Distilled and deionized water are both purified water where heavier impurities have been largely removed. They are also generally more expensive than unpurified water and have specialist functions for which unpurified water is not entirely suited.

Differences between deionized water and distilled water

Although there are some similarities between deionized water and distilled water, there are also some differences which include the following.

  • Distillation of water can purify water of un-charged organic compounds as well as bacteria and viruses. Deionization of water will remove minerals but not neutrally charged organic compounds or microbes that would be potential pathogens.
  • Distilled water has been used since antiquity whereas deionization of water began to be used only within the last hundred years.
  • Distilled water is made through a change of phase whereas deionized water is made without a change of phase.
  • Deionization of water involves mixing whereas distilled water simply involves the evaporation and re-condensation of water.

Deionized water Vs. Distilled water

 

Summary of Deionized water Vs. Distilled water

Distilled water is water that has been evaporated through boiling and the re-condensed in a separate container. When the water evaporates, non-volatiles are left behind which can create mineral deposits. For this reason, distilled water is often used in car engines and coolants systems to prevent the systems from being clogged by precipitation of minerals. Drinking water is also distilled since the distillation of water can also remove most bacteria and viruses that may be contaminating a water source. It is also more effective in removing other inorganic toxins such as certain heavy metals. On the other hand, the introduction of distilled water can also disrupt an ecosystem since it will offset the mineral concentration to which the local ecosystem is adapted. Deionized water is water that is cleansed of minerals and other impurities through mixing it with a resin which removes the anions and cations dissolved in it. It is made through multiple deionization processes including counter-current and mixed-bed deionization. Counter-current is the least expensive, but mixed-bed is the one which produces the purest water. Deionization and distillation both produce water that is especially pure for specialized purposes. They are however different. Deionized water will not remove neutral organic compounds, bacteria or viruses whereas distilled water will purify the water of those things. Furthermore, distilled water requires a change of phase from vapor to liquid and back to liquid and no mixture with chemicals whereas deionized water requires a mixture with chemicals but no change of phase.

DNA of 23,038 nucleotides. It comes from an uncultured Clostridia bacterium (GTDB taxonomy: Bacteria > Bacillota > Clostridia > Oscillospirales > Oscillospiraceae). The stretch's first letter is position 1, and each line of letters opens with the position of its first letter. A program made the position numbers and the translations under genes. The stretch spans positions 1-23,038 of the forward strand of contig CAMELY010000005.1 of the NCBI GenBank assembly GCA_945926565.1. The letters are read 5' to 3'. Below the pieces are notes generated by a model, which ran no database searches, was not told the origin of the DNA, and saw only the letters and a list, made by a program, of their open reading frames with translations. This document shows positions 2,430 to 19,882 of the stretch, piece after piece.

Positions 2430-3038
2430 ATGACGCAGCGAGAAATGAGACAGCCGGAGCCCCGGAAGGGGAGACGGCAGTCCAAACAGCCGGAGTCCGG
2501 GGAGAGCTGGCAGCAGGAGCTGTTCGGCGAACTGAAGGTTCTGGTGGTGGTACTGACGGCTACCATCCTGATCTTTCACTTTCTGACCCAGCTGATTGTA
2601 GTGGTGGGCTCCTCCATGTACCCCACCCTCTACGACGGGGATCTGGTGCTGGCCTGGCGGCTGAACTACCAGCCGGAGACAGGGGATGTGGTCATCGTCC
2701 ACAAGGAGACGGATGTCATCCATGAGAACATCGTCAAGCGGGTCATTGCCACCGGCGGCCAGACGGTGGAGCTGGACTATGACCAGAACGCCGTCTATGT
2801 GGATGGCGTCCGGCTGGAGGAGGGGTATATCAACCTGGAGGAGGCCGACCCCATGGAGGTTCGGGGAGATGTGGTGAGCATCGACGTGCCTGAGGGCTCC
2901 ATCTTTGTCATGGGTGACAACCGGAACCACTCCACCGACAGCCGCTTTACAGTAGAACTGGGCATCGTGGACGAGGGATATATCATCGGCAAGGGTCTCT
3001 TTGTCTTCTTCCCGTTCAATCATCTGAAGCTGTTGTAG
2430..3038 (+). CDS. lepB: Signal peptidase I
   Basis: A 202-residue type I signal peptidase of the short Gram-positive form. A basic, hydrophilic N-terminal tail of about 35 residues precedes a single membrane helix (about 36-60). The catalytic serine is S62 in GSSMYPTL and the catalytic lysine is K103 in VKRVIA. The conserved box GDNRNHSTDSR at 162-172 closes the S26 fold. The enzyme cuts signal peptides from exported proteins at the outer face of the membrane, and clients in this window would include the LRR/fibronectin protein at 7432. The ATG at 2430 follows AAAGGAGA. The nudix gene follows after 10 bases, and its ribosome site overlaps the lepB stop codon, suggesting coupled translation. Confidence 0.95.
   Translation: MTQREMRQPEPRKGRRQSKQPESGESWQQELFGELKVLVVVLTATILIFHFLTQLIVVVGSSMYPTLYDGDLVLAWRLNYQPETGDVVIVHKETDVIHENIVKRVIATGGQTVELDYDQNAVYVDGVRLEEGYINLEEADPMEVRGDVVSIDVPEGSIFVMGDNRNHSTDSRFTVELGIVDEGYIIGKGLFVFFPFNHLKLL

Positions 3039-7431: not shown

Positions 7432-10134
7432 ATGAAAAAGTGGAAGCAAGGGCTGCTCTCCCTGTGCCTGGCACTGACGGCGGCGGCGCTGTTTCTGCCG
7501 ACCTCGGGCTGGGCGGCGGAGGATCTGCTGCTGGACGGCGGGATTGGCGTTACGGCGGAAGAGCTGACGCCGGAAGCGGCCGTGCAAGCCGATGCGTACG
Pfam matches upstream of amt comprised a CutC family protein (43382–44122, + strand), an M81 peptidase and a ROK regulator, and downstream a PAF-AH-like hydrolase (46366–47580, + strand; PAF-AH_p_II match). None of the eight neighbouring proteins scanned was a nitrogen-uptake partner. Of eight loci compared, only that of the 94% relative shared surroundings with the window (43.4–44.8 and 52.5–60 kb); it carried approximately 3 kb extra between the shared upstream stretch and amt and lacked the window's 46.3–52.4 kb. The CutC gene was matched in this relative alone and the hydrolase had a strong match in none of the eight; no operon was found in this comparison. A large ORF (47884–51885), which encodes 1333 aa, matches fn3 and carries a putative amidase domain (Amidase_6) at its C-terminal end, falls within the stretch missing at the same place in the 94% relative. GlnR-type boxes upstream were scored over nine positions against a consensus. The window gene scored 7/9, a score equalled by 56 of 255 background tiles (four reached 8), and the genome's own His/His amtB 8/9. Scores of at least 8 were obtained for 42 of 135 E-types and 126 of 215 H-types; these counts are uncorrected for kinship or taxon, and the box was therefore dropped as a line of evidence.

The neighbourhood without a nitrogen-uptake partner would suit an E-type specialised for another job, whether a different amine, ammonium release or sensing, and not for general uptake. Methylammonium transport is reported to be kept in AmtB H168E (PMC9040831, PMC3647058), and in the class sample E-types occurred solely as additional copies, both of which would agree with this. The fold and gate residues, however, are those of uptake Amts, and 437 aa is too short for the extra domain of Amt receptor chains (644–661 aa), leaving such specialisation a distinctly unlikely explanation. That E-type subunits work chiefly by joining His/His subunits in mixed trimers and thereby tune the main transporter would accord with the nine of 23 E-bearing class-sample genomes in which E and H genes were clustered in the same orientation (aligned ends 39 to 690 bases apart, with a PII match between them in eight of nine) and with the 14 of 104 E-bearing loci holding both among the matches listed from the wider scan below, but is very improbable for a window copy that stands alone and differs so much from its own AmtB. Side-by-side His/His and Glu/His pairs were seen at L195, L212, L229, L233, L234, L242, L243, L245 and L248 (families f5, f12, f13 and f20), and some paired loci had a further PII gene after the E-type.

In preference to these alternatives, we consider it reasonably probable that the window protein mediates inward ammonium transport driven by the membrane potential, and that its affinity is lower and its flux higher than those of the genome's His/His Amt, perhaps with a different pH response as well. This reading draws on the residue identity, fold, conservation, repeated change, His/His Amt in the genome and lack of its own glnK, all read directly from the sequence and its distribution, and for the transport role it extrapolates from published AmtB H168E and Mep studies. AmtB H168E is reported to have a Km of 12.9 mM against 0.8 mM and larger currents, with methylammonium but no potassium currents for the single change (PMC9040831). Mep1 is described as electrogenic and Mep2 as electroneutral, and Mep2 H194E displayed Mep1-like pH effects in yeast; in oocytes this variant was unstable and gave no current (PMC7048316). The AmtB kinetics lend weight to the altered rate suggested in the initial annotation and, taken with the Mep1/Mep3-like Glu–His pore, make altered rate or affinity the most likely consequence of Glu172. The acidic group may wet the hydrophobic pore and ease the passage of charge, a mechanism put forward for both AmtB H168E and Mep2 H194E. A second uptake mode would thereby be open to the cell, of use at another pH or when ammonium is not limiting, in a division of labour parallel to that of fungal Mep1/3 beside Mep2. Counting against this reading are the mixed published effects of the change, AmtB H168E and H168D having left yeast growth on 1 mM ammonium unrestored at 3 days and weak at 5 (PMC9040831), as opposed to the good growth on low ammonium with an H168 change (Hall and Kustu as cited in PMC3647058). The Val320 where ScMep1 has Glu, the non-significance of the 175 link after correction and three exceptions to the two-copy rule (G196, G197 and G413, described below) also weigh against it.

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References :


[0]Jande, Y. A. C., and W. S. Kim. "Desalination using capacitive deionization at constant current." Desalination 329 (2013): 29-34.

[1]Collentro, William V. Pharmaceutical water: System design, operation, and validation. CRC Press, 1998.

[2]“Mixed Bed Deionizer.” Lakeside Water Treatment. Available at: http://www.lakesidewater.com/brochures2015/LWMD%20Series%202015-10.pdf

[3]“Deionization” (2011). Ultrapure Water. Available at: http://www.eco-tec.com/pdf/Ultrapure_Deionization.Hong.pdf

[4]BLAIR, JOHN W., and GEORGE W. MURPHY. "Electrochemical demineralization of water with porous electrodes of large surface area." 1960. 206-223.

[5]Fairley, T. "The early history of distillation." Journal of the Institute of Brewing 13.6 (1907): 559-582.

[6]Image credit: https://upload.wikimedia.org/wikipedia/commons/2/2e/Wash_bottle.jpg

[7]Image credit: https://www.flickr.com/photos/76969036@N02/15999995297